- Three winners in a row for trainer Paulino O. Ortiz with Unique Citizen ($15.60) taking the first on Wednesday. I left the office for OTB with four minutes to post, and I think that Queenofalldiamonds was around 5-2 at that point. By the time I got to the parlor across the street (after the race; great elevators in this building), she was the 7-5 choice. Well intended, but Unique Citizen won easily.
The first timer from Robert Ribaudo was dead on the board at 35-1 and ran 5th; but the barn's Bribon absolutely romped in the 6th. He was going effortlessly as he drew away on the turn, and went on to win by ten; not sure what those late smacks of the whip by jockey Sabastian Morales were all about. This horse seems to really love Belmont; check out those figs, and I imagine he'll get a good one for this race (and whatever he does get, the race was really better). Favored No Reply was awful at 7-5; McLaughlin has been quiet of late. He's 0 for his last 23 here going back to his last winner, Golden Artemis on June 5. That was two days before the Belmont. It seems like ages since that day, and almost nothing good has happened since in our little world.
In the 4th, Ouchy Night (Cactus Ridge) was 10-1 morning line making her debut for trainer Tom Bush. She went off at 7-2 and won by four. It's a great game, ain't it? I find it reassuring to see that kind of stuff in these troubled times; it gives me belief that the racing universe is still basically in order.
- Saw a TV ad for the Empire City Racino at Yonkers Raceway. A man encounters a VLT upon his arrival in Manhattan; is startled by another in the mirror as he's getting a haircut; sees several more on the street, and then in increasing numbers until they start to stretch as far as the eye can see like at the end of Field of Dreams. OK, not quite that far, which would certainly extend straight from downtown to Yonkers. But we're told nonetheless that there are 5,300 machines right here at home. OK, not quite right here, but pretty darn close. The Jackpot Next Door is the slogan. Might have been clever and appropriate to have had a few machines come rolling down the street in a sulky but I guess they didn't think of that.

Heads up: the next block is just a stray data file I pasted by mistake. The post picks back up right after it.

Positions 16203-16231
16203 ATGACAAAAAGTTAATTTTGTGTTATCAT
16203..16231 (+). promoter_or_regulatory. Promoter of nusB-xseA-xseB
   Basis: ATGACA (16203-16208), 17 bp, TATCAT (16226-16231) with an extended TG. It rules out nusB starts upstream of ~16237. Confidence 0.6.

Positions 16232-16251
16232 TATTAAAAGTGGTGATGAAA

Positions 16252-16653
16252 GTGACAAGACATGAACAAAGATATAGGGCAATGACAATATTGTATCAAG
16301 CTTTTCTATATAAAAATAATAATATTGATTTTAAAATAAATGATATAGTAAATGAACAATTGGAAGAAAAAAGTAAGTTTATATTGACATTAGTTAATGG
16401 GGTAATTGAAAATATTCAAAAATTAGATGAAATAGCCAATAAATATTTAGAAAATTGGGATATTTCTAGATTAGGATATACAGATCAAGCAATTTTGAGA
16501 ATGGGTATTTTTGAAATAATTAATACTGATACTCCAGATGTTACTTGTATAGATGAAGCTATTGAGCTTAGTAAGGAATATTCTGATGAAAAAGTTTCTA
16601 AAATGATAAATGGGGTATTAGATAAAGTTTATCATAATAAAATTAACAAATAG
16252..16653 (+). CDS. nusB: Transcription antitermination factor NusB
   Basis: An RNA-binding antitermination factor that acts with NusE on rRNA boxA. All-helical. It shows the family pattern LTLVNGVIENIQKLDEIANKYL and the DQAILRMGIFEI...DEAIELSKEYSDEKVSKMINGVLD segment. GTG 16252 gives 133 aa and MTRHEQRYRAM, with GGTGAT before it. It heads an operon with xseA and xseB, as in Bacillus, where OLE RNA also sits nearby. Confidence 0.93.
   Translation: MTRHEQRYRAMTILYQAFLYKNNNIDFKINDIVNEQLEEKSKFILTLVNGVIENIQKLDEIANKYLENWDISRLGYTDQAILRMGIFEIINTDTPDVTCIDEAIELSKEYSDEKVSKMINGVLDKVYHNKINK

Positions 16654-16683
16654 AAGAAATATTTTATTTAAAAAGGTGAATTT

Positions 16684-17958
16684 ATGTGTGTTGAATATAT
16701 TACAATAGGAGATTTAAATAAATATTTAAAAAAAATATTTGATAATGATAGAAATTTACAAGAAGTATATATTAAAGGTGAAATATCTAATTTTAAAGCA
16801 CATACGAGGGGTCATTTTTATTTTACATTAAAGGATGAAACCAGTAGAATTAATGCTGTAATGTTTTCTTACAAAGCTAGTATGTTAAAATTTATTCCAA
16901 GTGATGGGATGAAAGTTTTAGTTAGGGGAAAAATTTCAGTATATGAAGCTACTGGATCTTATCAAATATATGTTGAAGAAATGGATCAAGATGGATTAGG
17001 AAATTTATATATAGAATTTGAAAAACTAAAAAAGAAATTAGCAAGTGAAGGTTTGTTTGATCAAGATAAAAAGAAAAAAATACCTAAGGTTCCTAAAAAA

The ad reminded me of that Twilight Zone episode when that nice couple wins a trip to Las Vegas, and the guy, who didn't want to come, gets hooked to the slots; in fact to a particular machine that he knows just has going to pay off some time. "Franklin....Franklin," it drones as it appears in his hotel room and makes him fall out of the window.
Mr. Franklin Gibbs, visitor to Las Vegas, who lost his money, his reason, and finally his life to an inanimate metal machine variously described as a one-armed bandit, a slot machine or, in Mr. Franklin Gibbs's words, a monster with a will all its own. For our purposes we'll stick with the latter definition because we're in the Twilight Zone.Seems almost like the episode serves as a metaphor for today's situation, with the states and tracks alike addicted to slots revenue. I know Rod Serling was a genius....but he couldn't have foreseen this, could he?
Or could he?